Switzerland also required the principle of “speciality”, which pretty much means that information cannot be used to tackle corruption or money laundering, but only to collect more taxes. It is perfidious behaviour by the Swiss, as we’ve long come to expect.
Finally, the suspension of AEOI until 2019 makes no sense because Switzerland already has the information it needs to exchange. Most of the burden of AEOI lies on financial institutions that need to collect and report information on all of their account holders. Authorities simply aggregate this information, sort it by country of residence, and exchange it.***
All Early Adopters (countries exchanging information in 2017) chose the wider approach, so their banks will have already collected information on all of their account holders (regardless if they are resident in a jurisdiction joining the CRS or not). Among jurisdictions exchanging information in 2018, most countries also chose the wider approach except for well-known tax havens: Nauru (with one of the highest secrecy scores in the Financial Secrecy Index or FSI), Hong Kong and Switzerland (the second and top FSI jurisdictions respectively).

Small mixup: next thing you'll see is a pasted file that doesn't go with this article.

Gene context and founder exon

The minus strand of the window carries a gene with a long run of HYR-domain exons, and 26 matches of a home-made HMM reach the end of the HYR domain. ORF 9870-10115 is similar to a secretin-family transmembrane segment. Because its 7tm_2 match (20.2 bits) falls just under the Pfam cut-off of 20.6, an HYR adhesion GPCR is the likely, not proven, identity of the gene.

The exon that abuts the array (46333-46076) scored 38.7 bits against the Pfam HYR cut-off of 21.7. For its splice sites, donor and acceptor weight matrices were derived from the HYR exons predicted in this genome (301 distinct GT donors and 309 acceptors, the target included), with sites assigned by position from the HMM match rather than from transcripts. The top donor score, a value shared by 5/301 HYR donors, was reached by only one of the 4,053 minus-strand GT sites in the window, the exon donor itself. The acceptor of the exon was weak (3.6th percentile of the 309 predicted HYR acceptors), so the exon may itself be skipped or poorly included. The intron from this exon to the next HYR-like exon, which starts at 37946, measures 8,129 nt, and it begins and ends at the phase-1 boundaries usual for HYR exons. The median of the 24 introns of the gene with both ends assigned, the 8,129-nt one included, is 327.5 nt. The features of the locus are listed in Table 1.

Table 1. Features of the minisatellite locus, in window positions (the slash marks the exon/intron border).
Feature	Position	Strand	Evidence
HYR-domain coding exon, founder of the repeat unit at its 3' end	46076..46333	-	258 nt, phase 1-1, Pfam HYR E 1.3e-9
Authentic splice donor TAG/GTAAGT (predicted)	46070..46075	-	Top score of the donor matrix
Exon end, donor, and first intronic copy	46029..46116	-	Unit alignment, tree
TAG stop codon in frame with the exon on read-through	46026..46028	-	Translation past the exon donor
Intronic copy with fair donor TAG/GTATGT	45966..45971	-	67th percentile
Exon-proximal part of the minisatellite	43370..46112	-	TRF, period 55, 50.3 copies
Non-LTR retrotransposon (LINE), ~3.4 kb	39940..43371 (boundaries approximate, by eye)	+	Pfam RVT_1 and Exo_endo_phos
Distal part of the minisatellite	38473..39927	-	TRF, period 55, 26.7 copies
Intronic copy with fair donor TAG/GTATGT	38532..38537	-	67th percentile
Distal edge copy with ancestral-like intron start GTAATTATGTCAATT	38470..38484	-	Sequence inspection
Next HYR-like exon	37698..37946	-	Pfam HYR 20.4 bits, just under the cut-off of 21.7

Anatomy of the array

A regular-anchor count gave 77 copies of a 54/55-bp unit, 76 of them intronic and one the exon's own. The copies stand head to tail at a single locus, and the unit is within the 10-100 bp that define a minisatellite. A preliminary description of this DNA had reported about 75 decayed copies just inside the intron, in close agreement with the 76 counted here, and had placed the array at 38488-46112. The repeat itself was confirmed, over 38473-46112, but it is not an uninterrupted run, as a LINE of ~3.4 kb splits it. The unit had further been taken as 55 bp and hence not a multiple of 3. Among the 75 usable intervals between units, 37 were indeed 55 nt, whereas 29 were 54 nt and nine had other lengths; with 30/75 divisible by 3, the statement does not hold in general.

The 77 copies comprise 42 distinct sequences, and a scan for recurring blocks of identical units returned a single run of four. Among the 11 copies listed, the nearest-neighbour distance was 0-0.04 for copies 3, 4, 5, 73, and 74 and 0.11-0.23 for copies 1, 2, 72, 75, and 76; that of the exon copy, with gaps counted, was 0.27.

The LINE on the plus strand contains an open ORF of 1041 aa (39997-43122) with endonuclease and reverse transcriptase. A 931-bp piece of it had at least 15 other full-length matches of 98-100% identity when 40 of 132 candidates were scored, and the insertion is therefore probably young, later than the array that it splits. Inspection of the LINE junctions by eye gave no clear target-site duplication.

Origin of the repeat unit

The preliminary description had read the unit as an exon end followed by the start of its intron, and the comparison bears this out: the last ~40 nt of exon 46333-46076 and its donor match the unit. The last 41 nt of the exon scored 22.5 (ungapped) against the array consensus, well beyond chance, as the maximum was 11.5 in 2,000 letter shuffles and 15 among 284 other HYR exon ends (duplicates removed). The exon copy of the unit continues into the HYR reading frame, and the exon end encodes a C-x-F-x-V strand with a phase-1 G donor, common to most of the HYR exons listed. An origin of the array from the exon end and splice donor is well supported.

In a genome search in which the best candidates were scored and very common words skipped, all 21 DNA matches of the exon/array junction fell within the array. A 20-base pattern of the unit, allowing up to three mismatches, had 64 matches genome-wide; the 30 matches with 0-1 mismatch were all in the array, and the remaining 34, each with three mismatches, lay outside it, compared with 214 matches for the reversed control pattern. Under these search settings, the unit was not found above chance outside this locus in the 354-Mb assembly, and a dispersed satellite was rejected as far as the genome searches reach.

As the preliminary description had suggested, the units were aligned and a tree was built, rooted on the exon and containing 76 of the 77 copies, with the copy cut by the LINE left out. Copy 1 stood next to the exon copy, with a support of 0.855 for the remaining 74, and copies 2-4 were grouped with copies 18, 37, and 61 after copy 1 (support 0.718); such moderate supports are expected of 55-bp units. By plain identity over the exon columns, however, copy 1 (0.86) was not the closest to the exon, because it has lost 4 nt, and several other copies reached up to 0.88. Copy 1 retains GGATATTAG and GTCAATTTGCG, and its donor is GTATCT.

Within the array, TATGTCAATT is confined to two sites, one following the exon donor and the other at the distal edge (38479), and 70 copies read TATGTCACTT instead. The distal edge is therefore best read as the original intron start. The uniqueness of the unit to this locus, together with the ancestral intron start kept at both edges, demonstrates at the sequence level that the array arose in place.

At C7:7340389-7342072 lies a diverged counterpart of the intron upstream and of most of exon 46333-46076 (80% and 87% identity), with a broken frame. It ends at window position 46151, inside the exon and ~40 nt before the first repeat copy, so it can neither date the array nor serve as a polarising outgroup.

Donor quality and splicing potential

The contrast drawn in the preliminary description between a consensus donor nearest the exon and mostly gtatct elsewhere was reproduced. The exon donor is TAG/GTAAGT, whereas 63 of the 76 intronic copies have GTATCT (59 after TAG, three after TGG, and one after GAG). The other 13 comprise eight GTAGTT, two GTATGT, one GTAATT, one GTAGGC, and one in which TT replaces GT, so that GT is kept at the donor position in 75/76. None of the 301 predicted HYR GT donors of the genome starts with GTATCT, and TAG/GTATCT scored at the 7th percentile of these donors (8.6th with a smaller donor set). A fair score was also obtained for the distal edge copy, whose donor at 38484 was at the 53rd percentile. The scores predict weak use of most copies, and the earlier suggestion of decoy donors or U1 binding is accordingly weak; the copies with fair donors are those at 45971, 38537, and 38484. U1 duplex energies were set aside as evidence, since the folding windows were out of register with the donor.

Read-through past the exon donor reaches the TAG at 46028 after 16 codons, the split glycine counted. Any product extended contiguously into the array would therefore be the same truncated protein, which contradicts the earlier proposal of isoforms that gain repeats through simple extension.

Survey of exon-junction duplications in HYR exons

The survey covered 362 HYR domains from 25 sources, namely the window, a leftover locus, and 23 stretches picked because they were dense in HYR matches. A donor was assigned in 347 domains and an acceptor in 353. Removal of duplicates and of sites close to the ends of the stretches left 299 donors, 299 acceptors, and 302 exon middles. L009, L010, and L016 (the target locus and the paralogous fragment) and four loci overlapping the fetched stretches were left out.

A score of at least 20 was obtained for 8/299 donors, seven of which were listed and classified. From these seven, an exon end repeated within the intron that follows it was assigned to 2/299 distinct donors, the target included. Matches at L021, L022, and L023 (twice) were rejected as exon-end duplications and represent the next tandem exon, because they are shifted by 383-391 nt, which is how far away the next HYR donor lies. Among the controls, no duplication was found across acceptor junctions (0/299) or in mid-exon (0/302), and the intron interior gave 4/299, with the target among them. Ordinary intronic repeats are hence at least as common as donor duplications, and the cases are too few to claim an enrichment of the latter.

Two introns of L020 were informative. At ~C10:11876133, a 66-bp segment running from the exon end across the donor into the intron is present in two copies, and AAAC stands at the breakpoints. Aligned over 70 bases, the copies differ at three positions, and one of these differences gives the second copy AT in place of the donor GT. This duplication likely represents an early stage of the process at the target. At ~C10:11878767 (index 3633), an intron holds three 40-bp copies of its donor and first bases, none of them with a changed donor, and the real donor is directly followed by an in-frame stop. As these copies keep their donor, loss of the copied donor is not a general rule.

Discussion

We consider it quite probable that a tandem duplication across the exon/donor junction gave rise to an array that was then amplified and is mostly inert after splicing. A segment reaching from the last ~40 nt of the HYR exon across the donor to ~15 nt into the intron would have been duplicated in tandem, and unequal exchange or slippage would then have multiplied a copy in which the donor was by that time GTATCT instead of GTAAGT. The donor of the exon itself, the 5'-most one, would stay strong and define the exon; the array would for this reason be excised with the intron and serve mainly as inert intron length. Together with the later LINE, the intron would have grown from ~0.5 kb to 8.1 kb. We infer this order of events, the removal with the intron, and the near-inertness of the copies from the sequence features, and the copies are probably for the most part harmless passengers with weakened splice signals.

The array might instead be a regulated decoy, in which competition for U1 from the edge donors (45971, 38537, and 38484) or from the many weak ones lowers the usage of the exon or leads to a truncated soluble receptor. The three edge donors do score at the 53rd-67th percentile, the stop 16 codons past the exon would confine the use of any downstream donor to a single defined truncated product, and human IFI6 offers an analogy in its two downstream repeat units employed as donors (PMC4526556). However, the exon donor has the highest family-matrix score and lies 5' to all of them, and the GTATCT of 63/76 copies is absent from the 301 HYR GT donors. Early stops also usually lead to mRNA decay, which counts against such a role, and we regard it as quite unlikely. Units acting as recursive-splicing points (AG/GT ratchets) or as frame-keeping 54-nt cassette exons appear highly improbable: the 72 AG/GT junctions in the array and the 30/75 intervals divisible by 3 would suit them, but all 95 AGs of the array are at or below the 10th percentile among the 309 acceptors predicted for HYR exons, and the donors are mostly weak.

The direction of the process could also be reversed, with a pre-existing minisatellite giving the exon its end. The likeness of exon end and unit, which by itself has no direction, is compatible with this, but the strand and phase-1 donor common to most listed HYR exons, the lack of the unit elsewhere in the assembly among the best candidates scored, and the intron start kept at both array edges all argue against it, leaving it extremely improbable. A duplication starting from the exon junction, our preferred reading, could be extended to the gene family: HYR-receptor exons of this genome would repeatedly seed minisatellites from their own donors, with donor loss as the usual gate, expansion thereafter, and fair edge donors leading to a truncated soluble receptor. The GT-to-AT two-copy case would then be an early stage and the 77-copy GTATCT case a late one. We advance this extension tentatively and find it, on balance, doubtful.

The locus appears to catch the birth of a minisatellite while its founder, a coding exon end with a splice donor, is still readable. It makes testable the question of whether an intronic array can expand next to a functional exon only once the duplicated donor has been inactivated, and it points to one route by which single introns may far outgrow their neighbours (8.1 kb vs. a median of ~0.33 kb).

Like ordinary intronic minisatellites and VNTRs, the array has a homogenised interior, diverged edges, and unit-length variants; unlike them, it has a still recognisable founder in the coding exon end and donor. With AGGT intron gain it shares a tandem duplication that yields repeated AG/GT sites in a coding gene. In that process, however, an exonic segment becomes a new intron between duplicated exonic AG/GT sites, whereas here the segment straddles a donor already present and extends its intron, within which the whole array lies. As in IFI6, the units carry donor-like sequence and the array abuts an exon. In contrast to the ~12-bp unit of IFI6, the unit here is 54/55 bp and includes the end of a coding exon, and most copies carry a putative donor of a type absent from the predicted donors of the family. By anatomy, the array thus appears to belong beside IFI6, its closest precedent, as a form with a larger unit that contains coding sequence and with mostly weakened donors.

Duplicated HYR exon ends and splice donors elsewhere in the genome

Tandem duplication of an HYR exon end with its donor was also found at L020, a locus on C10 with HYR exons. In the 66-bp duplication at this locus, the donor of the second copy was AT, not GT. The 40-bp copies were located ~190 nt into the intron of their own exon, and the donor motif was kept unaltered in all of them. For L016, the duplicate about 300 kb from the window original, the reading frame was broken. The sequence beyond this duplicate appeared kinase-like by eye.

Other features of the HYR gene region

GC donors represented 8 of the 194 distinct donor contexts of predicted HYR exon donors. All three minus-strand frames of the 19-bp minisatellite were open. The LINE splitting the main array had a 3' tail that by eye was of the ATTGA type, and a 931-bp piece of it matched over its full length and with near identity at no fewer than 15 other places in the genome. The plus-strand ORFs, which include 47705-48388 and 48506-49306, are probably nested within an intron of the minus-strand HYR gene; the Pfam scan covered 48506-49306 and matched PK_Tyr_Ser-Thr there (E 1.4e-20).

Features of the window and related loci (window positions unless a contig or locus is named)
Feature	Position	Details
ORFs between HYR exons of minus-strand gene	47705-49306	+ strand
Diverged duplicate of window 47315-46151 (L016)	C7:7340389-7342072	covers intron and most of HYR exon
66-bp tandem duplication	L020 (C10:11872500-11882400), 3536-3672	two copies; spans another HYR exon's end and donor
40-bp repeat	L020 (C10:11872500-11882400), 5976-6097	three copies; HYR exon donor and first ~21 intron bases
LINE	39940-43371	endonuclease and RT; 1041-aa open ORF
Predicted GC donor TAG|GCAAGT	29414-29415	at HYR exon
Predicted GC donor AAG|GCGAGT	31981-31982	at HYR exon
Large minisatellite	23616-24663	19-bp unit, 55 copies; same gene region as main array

* Switzerland sends almost the same information to the U.S., as required by U.S. domestic law called FATCA.
** While Switzerland required full reciprocity from other countries in the CRS, it signed a non-reciprocal agreement with the U.S. where Swiss banks send information to the U.S. but Switzerland receives no information in return. Most other countries signed partially-reciprocal agreements, receiving at least some information from the U.S.